A Peek Inside Module 4
First of all, I want to say I’m sorry for the delay. I had to attend to some urgent matters offline. Life has again proved itself to be somewhat unpredictable but I’m back to continue with the review of Blogging With John Chow. If you’ve missed the Part 2 of Blogging With John Chow Review, you can find it just below this post or click on the text starting with Part 2. For Part 1 click here.
Just a word or two about what I’ve seen posted about this course. In spite of what has been written and said about Google search results improving due to all the changes, I still see the same types of reviews with headlines including “is this a scam?” etc. showing within the top pages of Google search results. Not that much has changed, really. Seriously, does anybody still get caught up in that sort of garbage?
There are some good reviews too of course but not with headlines like that. One blogger has chosen a similar in depth style of review that I’m doing here. Most reviews are of course still written for one reason only, which is to sell the product. The most glaring evidence of it is that they offer all kinds of bonuses to make you buy through their link.
If your hard drive is not yet full of unused bonuses and things that will only distract you from working with a sharp focus it will soon be, if you fall into their trap.
OK, now back to Blogging With John Chow module 4.
Content Is Duke, Prince, King…
In the video at the top of this module John Chow talks about who he writes for and who he serves. In more than 3 minutes he explains why he doesn’t write for Google but for his readers. Good content is what eventually wins.
To be awesome, says John, you need to have fun doing what you do. You have to love what you are writing about.
Viral Content at a Glance
“The whole idea of viral content is that it can take on a life of its own” says John and then gives some examples of what he did and follows that by 5 points any one of which can make a content become viral. Entertaining and Jaw Dropping are two of the points.
Forget Search Engines
“If you build a blog for search engines, it’s more likely that the only readers you’ll have will be search engines.”
John devotes about 8 paragraphs to this topic.
The Content Kaleidoscope
“…written content is only one small part of the much larger picture.”
John points out that a blog is not a newspaper column and that content on a blog is a broad term that can include:
Videos tend to be viewed as complicated but to John they are the simplest to make. He devotes 4 paragraphs to explaining why.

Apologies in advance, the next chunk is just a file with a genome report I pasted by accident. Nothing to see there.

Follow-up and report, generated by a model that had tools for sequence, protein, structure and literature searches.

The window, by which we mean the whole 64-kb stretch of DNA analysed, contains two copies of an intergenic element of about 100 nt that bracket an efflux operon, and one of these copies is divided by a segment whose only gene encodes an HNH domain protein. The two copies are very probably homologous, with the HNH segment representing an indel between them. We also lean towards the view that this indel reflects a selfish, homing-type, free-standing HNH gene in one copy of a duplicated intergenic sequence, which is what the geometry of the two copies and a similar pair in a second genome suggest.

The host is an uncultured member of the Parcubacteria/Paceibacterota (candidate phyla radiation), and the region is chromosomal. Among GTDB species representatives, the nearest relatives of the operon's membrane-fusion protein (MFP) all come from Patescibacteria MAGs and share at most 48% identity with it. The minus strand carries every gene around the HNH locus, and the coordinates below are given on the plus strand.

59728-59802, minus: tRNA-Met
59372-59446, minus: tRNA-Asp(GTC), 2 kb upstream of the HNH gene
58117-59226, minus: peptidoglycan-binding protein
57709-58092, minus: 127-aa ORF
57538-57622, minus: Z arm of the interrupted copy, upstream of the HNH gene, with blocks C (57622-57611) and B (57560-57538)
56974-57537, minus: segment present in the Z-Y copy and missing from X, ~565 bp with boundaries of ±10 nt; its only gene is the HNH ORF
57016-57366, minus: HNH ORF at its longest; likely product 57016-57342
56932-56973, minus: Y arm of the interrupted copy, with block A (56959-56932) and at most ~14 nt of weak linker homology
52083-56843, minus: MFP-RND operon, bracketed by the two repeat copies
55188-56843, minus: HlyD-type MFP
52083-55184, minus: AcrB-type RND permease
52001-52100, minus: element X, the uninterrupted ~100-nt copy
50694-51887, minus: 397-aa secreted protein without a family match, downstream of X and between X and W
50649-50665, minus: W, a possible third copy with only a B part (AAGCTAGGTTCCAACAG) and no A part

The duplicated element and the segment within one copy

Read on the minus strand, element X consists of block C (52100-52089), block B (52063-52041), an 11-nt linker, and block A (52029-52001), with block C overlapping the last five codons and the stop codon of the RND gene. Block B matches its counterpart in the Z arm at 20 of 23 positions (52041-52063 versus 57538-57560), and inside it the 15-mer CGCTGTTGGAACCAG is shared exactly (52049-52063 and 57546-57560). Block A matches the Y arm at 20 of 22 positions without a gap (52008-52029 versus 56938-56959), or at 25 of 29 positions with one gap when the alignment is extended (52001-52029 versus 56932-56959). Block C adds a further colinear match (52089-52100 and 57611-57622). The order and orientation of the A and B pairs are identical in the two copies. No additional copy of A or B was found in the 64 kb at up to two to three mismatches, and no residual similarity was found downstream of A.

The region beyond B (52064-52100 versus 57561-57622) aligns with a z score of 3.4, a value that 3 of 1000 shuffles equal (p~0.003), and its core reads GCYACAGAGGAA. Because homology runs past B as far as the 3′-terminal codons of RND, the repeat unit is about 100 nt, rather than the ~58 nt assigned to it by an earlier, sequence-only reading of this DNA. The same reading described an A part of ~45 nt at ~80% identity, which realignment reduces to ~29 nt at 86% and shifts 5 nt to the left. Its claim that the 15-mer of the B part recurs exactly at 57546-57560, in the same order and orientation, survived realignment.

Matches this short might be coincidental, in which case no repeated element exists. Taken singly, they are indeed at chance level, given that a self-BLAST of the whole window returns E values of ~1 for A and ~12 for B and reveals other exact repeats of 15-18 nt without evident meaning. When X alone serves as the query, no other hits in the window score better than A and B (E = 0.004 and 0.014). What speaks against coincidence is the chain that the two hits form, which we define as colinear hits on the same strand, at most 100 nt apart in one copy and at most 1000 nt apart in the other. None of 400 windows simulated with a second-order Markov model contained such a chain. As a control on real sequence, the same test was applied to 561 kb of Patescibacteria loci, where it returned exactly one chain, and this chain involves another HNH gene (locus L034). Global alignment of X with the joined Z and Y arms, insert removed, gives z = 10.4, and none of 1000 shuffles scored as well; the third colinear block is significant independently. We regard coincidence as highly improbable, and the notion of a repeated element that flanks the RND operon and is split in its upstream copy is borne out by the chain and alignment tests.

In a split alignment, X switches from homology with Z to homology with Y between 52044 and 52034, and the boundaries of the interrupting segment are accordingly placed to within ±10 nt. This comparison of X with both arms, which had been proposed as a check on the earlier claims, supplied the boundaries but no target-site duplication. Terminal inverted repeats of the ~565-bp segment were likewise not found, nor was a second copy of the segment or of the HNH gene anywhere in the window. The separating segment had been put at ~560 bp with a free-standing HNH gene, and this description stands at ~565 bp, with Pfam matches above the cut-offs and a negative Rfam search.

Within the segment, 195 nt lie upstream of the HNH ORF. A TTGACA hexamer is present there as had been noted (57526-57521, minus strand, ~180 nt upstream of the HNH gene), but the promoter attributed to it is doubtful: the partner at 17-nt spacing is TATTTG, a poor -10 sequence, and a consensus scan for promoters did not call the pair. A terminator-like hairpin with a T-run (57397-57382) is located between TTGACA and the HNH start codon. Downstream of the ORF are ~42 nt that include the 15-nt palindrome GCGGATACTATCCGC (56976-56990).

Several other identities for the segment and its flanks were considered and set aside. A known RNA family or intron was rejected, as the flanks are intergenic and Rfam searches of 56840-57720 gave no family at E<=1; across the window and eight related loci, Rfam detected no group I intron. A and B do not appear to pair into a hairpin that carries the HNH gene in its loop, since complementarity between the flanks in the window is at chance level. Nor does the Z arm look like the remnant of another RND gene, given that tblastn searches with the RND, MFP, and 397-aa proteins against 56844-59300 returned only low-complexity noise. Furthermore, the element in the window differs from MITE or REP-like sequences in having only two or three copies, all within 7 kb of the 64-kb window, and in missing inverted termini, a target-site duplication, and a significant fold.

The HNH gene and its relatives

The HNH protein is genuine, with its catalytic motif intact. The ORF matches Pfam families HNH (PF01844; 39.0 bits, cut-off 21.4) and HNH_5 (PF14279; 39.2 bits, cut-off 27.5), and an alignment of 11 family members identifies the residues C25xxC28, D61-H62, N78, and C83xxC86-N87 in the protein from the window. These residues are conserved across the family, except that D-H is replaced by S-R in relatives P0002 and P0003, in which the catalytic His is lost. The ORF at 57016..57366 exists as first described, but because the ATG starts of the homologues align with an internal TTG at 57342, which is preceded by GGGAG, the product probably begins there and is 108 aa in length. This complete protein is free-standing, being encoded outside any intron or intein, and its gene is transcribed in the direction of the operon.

Watch the video below from Dot Com Pho in Vancouver. It’s a regular lunch meeting which was started by John Chow and his friends. While he’s not in this video, you will likely find it entertaining:
John gives 6 points under which he gives some ideas about how to put podcasts together, choose a specific topic, get the equipment and record and distribute the podcasts to the public.
“You can do a lot with photos. You can create a post entirely devoted to images or you can use them to supplement your existing posts…” John also says that every sigle post you put up should have an image in it. He devotes about 6 or 7 paragraphs to this topic.
“One of the most common forms of blog posts (and also one of the most popular) is the list.” A large volume of information can be put in a list post in an easy to read format.
John gives some ideas about how to create a good list post for your blog in 6 example points.
Infographics are hot right now says John. Then he explains what they really are.
“An infographic informes readers with graphical representations of data.” He shows an example of a good infographic and gives some ideas on how you can have one created for you.
More Content Ideas
In this section John Chow gives 9 more content ideas, some of which are Case Studies, Your Failures and Successes, Personal Stories, Pop Culture and Name Recognition Tips.
John gives some facts about commenting and dispels some myths about it in 17 or 18 paragraphs before he shares his 10 secrets to driving comments with content. Some of those secrets are: Ask for Them, Mention Other Sites, State Your Opinion Clearly, Respond to Other Content and Build Your Posts Around Comments.
Moderating All That Content
In 9 paragraphs John covers his ideas and policy for moderating comments. The main take away idea here is to make sure that you read the comments as they come to your inbox after they make it through Akismet.
Coming Up With Ideas When You Have None
Even very creative people with a lot of ideas can and do face the problem of having a writers block once in a while. It also happens to John Chow, as he freely admits.
He gives some good ideas in 6 points among which Checking Comments, Updating Old Posts and Twitter Search are included.
This concludes module 4 of Blogging With John Chow course. I hope that you have enjoyed reading it and have found at least one point or idea in it that will be helpful to you.
If you did, I would like to ask you to reward me by commenting about it. If you found more than one good point it’s even better. I want to hear about it. So do me a favor and leave your comment and help others to find the post by liking it on Facebook, tweeting it goole+ing it and bookmarking it on your favorite bookmarking sites.
Update September 06, 2017: The course by John Chow reviewed here is no longer available. However, an excellent course on blogging by another famous blogger is available. Check it out by clicking on the banner below.
Filed under: Internet Marketing Course Reviews